How farming tech invented by Nasa could solve some of the world’s biggest food problems – and end off-season shortages on UK shelves
There are lots of challenges involved in producing the food we eat, but an innovative Scottish company is leading the charge on tackling many of them.
Edinburgh-headquartered firm Intelligent Growth Solutions (IGS) believes its cutting-edge vertical farming technology can help future-proof the agriculture sector and ensure supplies of quality home-grown produce are available all year round at affordable costs.
Originally developed by Nasa scientists as a potential way to grow food for astronauts in space, vertical farming involves rearing crops indoors in upright stacked layers.
The environment is strictly controlled, providing the best temperature, light and water to optimise plant growth, and often incorporates soil-less techniques such as hydroponics, aquaponics and aeroponics.
Early methods were inefficient, expensive, labour-intensive and limited in scope.
But 10 years on since it was founded, ISG has invented and developed flexible modular devices that can be custom-designed to suit the needs and scale a grower requires.
With systems that can be used to cultivate more than 200 types of fruit and vegetables, safely shielded from unsuitable weather and pests, the firm already has customers on four continents, and has opened an office in the US.
A huge range of crops – everything from tomatoes, cucumbers, broccoli and cauliflower starter crops, leafy greens and herbs to potatoes, avocados, edible flowers and botanicals for gin distilleries and perfumiers and even tree seedlings, to be used in rewilding and conservation projects in Scotland – have been successfully grown using the towers.
The technology offers myriad advantages over traditional outdoor or glasshouse agriculture, according to Andrew Lloyd, chief operations officer at IGS.
Firstly, the indoor farms can be located virtually anywhere, without a need for arable land – whether that’s in cities or deserts, brownfield sites or docksides – and require only a fraction of space of an equivalent field.
‘Ideal’ growing conditions also ramp up growth rates, meaning crops can be harvested sooner and so more produce can be grown in a year.
There are also major environmental benefits, with the ability to achieve zero climate emissions.
Cultivation can be powered by 100 per cent renewable energy; food miles and waste can be cut if farms are located near the people they supply; water consumption is low compared to traditional growing methods – where 250 litres is needed in a field, this drops to 20 litres for a greenhouse or just one litre in a vertical farm.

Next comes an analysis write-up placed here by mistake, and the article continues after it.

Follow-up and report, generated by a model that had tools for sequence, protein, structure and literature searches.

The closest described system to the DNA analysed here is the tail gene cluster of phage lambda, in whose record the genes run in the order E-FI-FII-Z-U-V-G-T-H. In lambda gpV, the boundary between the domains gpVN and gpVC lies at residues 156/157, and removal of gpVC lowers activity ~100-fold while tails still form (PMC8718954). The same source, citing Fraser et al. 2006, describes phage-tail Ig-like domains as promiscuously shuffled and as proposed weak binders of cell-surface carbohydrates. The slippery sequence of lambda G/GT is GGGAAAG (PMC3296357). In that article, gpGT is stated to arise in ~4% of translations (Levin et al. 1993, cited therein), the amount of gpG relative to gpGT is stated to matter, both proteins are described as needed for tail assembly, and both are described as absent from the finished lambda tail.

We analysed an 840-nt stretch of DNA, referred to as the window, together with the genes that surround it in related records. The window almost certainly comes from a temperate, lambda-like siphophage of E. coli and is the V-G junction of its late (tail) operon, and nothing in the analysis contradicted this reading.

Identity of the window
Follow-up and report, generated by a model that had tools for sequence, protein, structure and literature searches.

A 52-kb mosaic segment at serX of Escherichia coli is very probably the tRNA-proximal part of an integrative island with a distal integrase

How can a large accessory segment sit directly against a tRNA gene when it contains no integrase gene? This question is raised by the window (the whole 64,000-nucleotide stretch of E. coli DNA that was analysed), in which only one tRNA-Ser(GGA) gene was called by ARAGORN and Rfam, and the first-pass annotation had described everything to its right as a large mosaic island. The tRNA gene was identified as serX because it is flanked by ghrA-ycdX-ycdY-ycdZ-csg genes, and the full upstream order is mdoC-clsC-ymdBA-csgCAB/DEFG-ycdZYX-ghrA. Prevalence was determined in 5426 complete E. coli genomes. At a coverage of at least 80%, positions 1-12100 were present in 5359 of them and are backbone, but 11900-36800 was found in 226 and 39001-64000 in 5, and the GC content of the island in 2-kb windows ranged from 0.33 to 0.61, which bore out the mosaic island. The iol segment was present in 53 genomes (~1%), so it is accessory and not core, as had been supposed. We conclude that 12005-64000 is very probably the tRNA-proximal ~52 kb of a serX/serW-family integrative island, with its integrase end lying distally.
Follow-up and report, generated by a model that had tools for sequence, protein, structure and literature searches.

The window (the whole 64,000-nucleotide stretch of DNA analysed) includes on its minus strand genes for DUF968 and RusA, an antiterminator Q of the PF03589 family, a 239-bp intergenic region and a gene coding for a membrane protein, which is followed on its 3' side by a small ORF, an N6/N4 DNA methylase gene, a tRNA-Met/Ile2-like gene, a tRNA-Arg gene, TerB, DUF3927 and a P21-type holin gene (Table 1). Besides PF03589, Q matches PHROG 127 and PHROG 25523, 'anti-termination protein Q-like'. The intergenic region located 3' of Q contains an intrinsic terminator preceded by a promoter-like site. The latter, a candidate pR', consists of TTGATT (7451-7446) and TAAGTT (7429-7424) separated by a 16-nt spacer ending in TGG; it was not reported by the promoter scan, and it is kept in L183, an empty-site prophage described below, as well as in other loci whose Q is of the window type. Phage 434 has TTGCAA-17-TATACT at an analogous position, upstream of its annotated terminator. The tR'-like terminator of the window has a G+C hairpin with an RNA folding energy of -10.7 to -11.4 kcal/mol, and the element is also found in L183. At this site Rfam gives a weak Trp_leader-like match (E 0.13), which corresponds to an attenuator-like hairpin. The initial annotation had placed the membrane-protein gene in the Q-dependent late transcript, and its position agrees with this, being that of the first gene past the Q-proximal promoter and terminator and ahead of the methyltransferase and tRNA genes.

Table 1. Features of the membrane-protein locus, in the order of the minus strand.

Indoor conditions mean no pesticides are needed and plants are not exposed to outdoor air pollution so don’t need to be washed before consumption.
The IGS team believe vertical farms will have an increasingly important role in feeding the world’s rapidly expanding population – predicted to reach 10 billion people by 2050 – especially as the impacts of climate change affect the reliability of food production in the future.
It could also ensure we are not faced with bare supermarket shelves or rationing of produce like the situation that happened recently, when supplies of imported salad ingredients like lettuce, tomatoes and cucumbers were not getting through to the UK.
IGS has calculated that just 60 commercial-scale vertical farms would make the country self-sufficient in the leafy greens that have been missing from shops.
“It’s becoming clear that our food supply chain is broken, and the UK has hit a breaking point,” Mr Lloyd said.
“Leaning into new technology and integrating vertical farming into current food production systems will make the UK more resilient to import variations, staffing problems, disease and climate or weather events.
“Not only can our technology address today’s pressing needs, but it enables our farmers to complement their business and diversify into other crops year-round.”
Professor Derek Stewart, director of the Advanced Plant Growth Centre at the James Hutton Institute, has worked with ISG on its crop research.
He said: “The UK has an overall £6bn deficit for fruit and vegetables, which includes £1.7bn for protected salad crops.
“This could be reversed almost completely with the adoption of vertical farming, which has the added bonus of being able to extend shelf-life, enhance nutritional density and the taste of crops, all whilst reducing waste.
“The combined science and technology we use means we can control the growing environment. By linking to renewable energy, this will lead to significant savings in terms of water and fertiliser use, allow greater confidence in food safety and will make a major contribution to local food security.”
Sustainable food producer OneFarm uses vertical farming tech at its site in Suffolk.
Mira Merme is chief executive of sustainable food producer OneFarm, which uses vertical farming at its site in Suffolk.
She said: “The accelerated growth times and consistently high-quality produce means that smart vertical farming growth towers can become a serious part of UK food production.
“Vertical farming technology in the right hands can readily work in tandem with traditional farming techniques to bolster output, introduce new crops and ensure a steady supply of high-demand items such as salad, herbs, chillies, kale or broccoli, grown locally and available to the end consumer at affordable prices.”
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